In its current format, Kapil's audience continues to withdraw each time Brahman/I's meddling auntie reappears to demonstrate her questionable problem-solving skills. Here's the trailer:

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Over at the American Conservatory Theater, Carey Perloff directed the American premiere of a new production of The Orphan of Zhao using James Fenton's new adaptation (which was commissioned by the Royal Shakespeare Company for its 2012 production. As Fenton notes:

"The whole point of doing this was to give us a feel for classical Chinese theater. The play isn't written in verse. But it's written in a poetic style that suggests the feudal psychology of early China."


Paolo Montalban as the Emperor in
The Orphan of Zhao (Photo by: Kevin Berne)

Based on events that occurred during the Spring and Autumn period (722-481 BCE), the original play was written sometime late in the 13th century by Ji Junxiang (a playwright who may have lived near present-day Beijing). Filled with political intrigue, revenge, brutal acts of torture and sadism as well as genuine moments of heartbreak, the cast of characters includes:

  • A heartless Emperor who likes to shoot arrows into the crowd of peasants outside his palace just to see how they will react.
  • His pregnant daughter, who is married to the head of a feudal clan.
  • His ethical son-in-law, who would dare to question the Emperor's judgment.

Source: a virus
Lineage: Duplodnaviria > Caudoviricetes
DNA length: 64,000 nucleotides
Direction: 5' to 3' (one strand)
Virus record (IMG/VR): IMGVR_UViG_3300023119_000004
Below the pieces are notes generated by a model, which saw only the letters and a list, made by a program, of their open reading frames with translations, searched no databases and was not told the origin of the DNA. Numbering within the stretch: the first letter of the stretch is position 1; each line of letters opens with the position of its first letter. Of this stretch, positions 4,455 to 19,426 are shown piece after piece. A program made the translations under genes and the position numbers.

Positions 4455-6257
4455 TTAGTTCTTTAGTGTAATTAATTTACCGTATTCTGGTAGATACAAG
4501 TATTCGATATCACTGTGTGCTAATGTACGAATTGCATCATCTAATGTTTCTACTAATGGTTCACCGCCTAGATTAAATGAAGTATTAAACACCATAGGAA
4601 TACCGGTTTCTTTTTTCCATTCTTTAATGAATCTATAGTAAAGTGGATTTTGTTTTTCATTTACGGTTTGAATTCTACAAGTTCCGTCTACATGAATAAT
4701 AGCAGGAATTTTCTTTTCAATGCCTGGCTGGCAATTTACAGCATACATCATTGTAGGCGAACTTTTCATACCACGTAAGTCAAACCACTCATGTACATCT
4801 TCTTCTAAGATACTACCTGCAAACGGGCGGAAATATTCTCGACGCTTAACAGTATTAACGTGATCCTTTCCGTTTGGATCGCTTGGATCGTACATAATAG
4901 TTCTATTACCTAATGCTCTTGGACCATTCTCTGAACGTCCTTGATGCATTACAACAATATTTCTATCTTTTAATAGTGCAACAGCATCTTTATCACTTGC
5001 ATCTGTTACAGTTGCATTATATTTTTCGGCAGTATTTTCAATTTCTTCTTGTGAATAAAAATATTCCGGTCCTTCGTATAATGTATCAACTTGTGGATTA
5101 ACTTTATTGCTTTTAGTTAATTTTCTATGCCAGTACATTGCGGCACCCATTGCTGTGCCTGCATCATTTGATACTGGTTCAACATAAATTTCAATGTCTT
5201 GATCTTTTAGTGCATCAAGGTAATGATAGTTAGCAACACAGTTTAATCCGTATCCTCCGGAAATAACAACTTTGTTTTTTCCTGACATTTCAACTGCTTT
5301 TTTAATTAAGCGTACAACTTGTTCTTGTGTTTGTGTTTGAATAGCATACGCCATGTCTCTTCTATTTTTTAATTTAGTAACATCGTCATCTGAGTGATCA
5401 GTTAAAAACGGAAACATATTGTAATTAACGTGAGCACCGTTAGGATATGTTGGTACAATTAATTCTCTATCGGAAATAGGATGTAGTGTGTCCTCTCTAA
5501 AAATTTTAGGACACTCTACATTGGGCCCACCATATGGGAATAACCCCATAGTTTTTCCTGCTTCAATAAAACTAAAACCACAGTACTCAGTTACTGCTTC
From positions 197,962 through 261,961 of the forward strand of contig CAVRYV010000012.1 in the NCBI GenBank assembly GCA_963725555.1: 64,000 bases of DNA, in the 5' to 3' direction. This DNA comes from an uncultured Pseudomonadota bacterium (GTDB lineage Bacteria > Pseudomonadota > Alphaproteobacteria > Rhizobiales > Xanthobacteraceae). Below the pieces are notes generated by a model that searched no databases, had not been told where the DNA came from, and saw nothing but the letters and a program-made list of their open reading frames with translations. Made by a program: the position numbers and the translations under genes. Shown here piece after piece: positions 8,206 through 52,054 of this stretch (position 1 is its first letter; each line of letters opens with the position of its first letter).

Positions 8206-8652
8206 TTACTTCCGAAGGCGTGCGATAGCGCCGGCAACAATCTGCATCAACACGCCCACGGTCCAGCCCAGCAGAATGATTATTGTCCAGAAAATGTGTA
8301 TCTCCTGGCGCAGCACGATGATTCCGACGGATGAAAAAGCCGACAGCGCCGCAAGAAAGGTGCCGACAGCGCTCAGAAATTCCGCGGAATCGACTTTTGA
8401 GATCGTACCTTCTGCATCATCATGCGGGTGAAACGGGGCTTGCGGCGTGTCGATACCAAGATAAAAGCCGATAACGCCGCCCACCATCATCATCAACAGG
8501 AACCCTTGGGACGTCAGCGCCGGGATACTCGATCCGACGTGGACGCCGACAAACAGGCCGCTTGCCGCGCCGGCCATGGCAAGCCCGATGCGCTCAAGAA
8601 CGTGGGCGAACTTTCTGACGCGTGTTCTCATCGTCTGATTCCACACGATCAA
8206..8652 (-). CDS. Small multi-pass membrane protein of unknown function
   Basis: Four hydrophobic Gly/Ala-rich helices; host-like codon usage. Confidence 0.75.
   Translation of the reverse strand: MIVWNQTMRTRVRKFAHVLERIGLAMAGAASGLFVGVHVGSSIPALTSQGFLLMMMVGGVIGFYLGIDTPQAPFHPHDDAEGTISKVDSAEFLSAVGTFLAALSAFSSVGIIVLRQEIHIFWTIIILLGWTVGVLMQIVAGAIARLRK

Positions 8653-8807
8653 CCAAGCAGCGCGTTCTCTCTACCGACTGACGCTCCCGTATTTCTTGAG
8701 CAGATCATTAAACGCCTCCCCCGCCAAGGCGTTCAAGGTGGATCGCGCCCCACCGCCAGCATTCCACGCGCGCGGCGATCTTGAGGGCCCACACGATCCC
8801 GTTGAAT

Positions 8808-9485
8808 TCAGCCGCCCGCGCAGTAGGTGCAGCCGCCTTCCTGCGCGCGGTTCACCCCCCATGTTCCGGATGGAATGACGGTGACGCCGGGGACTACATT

• A vicious and power-hungry royal advisor (who could make Karl Rove look cuddly and docile) determined to eliminate the entire clan headed by the Emperor's son-in-law.
  • A simple country doctor asked to perform a dangerous rescue mission which will cost him dearly.


Cheng Ying (B.D. Wong) consoles the pregnant Princess
(Marie-France Arcilla) in The Orphan of Zhao
(Photo by: Kevin Berne)

Fenton's adaptation makes some interesting changes to the original (in which the notion of an ethical style of sacrifice is accepted as an absolute necessity in the story).

  • In Fenton's version, the Princess lives to see her son (Cheng Bo) who, following their meeting, learns his true identity.
  • In the final scene, the ghost of Cheng Ying's murdered son (played by Philip Estrera) is allowed to confront his father and ask why his sacrifice was necessary.


Cheng Bo (Daisuke Tsuji) confronts the villainousTu'an Gu
(Stan Egi) in The Orphan of Zhao (Photo by: Kevin Berne)

ACT's production plays out on Daniel Ostling's unit set (comprised of bamboo scaffolding) using costumes designed by Linda Cho with an eye toward achieving a practical fluidity for the acting ensemble. As Cho explains: